Better Left Unsaid – Episode 5

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Summary

Everyone can think of a time they were told something they wish they could unhear. This episode explores the concept of unwanted information with two stories that offer big surprises at the end. From confessions to invitations, these are two stories Beth selected because they stuck with her long after the show.

This Episode’s Guests

Lovey Roundtree Oliff is the host of The pod Caste System with Lovey, a highly-rated show about the intersection of culture, pop culture and race. Listen to The pod Caste System here.

Michael Boulerice is the author of The Adventures of Kung Fu Mike and the Magic Sunglasses: A Confession by Michael Boulerice, which can be found on Amazon.

For more information about Long Story Short or to inquire about being a guest of the podcast or a live show featured storyteller, go to longstoryshortpod.com. 

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Portsmouth Storytelling Opportunities

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In this episode

Read the beginning of this episode or get the full stories by listening above.

For this episode, we’re going to talk a little bit about, um, the idea of things better left unsaid. We can all relate to hearing something that we just did not want to know, like good old TMI. It’s stuff that you can’t unhear, but for some reason they feel compelled to tell it.

There’s another kind that I call the sinister invitation, where for example, you’re having a chat with your boss and it’s pretty friendly and then it segues into what he’s doing this weekend, and then before you know it, he’s inviting you to his swinger party. You know, it’s not so much the words that they’re saying that need to be left unsaid, but it’s more of what it reveals about them.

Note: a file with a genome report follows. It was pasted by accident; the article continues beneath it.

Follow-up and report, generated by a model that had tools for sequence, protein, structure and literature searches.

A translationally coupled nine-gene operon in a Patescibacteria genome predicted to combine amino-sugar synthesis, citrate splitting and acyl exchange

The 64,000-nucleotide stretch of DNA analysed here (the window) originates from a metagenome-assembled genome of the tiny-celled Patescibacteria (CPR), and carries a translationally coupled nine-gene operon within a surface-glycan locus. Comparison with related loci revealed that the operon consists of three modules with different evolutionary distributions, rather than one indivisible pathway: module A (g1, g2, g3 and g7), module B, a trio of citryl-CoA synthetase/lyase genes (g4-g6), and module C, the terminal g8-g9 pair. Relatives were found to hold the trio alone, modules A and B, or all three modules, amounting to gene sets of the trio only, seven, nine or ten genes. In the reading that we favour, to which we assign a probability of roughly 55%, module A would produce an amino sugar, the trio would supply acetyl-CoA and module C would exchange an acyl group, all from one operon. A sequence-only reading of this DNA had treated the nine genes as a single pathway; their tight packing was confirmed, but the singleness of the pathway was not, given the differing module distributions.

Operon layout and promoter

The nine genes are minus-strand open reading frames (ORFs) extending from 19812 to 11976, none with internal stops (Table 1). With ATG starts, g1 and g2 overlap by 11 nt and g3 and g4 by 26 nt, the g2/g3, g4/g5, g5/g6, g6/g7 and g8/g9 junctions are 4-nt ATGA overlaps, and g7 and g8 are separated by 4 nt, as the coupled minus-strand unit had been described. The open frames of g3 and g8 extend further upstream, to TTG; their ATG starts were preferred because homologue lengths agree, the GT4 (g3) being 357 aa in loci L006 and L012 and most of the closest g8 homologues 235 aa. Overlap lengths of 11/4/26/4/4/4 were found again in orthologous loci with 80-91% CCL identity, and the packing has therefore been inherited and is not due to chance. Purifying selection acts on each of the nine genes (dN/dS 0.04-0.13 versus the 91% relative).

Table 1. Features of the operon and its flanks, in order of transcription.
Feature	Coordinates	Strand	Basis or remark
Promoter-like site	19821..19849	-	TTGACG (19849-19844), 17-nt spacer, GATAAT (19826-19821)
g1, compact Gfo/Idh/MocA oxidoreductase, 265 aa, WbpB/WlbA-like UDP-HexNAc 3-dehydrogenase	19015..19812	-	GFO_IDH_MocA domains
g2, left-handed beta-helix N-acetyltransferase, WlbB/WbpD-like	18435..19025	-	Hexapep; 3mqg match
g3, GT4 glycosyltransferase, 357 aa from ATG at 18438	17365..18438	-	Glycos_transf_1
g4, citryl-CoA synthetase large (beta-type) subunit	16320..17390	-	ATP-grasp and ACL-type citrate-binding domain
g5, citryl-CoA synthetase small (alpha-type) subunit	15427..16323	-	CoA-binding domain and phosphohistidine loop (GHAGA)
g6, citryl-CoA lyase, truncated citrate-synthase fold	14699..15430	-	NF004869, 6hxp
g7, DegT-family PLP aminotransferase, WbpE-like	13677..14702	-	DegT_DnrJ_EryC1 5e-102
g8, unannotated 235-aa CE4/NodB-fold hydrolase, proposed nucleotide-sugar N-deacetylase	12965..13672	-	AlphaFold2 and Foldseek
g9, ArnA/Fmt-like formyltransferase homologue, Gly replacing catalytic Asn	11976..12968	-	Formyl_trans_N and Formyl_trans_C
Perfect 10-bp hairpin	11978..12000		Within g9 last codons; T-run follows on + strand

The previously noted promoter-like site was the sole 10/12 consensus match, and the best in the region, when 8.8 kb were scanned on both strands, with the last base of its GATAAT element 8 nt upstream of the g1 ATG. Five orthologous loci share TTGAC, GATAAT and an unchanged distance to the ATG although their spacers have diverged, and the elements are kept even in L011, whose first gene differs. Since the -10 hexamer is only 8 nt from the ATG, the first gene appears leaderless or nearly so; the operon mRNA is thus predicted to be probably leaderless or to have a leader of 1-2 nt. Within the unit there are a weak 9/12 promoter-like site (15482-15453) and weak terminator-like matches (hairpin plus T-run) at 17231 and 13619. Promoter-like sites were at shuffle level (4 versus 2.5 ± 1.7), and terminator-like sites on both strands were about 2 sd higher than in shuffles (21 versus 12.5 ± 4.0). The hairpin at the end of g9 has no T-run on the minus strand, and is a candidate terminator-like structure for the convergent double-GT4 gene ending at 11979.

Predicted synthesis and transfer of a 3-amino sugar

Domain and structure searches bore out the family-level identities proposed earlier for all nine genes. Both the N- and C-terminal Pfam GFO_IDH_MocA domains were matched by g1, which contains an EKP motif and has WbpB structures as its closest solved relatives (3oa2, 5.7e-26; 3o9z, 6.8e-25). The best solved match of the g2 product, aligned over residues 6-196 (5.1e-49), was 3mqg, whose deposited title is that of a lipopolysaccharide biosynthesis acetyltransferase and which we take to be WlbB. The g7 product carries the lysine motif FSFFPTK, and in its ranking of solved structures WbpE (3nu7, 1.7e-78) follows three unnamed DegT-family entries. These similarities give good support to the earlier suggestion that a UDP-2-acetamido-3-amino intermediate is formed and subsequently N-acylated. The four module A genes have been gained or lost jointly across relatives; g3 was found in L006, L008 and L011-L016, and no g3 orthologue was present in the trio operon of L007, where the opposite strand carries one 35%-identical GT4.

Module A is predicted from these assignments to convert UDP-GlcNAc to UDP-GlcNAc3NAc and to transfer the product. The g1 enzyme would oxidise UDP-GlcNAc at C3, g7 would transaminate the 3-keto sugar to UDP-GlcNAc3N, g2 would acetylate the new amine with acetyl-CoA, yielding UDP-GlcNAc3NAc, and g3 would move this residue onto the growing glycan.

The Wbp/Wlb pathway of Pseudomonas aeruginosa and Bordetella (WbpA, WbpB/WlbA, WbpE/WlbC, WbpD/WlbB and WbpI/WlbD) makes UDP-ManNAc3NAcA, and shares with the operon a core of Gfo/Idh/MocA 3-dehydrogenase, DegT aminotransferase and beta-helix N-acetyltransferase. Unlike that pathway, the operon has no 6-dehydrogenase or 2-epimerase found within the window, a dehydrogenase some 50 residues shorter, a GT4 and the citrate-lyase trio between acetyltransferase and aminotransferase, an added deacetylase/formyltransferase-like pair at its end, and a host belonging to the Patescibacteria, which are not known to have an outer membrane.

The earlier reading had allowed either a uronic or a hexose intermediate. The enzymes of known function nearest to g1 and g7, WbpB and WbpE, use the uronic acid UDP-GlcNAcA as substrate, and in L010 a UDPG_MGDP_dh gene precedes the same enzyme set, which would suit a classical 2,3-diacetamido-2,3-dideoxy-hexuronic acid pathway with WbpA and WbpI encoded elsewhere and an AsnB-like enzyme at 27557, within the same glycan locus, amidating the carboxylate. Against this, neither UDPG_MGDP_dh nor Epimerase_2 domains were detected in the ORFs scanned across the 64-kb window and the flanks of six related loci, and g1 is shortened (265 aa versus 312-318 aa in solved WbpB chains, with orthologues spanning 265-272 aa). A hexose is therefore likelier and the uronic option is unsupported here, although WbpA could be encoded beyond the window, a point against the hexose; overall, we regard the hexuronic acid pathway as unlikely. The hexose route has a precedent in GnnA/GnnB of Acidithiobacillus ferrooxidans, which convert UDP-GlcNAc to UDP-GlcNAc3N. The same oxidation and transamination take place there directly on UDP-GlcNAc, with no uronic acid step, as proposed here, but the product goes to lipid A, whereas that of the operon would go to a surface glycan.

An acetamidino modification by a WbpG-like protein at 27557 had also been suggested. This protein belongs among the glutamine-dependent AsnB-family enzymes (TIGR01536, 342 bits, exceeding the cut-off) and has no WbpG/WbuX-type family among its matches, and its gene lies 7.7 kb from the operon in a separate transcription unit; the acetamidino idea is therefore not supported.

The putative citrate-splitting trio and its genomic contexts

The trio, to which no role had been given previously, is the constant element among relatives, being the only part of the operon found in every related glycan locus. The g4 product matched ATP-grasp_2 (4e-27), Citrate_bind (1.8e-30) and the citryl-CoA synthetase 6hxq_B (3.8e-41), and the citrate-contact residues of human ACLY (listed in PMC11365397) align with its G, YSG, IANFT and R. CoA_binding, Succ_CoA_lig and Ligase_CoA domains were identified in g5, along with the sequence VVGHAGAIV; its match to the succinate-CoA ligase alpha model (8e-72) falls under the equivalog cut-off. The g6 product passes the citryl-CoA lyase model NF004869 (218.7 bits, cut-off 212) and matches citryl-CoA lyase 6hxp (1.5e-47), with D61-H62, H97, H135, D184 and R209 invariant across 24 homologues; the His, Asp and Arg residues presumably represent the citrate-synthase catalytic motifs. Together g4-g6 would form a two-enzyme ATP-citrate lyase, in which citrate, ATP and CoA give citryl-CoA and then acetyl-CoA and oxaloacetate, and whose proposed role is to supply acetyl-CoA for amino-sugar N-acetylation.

How one minute you believe that you’re talking to one person and then a simple phrase and a small action can completely transform how you see them forever. But the one better left unsaid that I think is most powerful, or I should say most misunderstood, is the confession. Our culture so praises the act of confession and sees it as honorable and vital to building our character and who we are and protecting our own sanity.

The truth shall set you free, right? But what I think gets too often overlooked is how the confession isn’t getting rid of a burden. It’s shifting a burden onto another person. And when you’re the one hearing the confession, you’re the one who has to bear it and process it and figure out what it all means.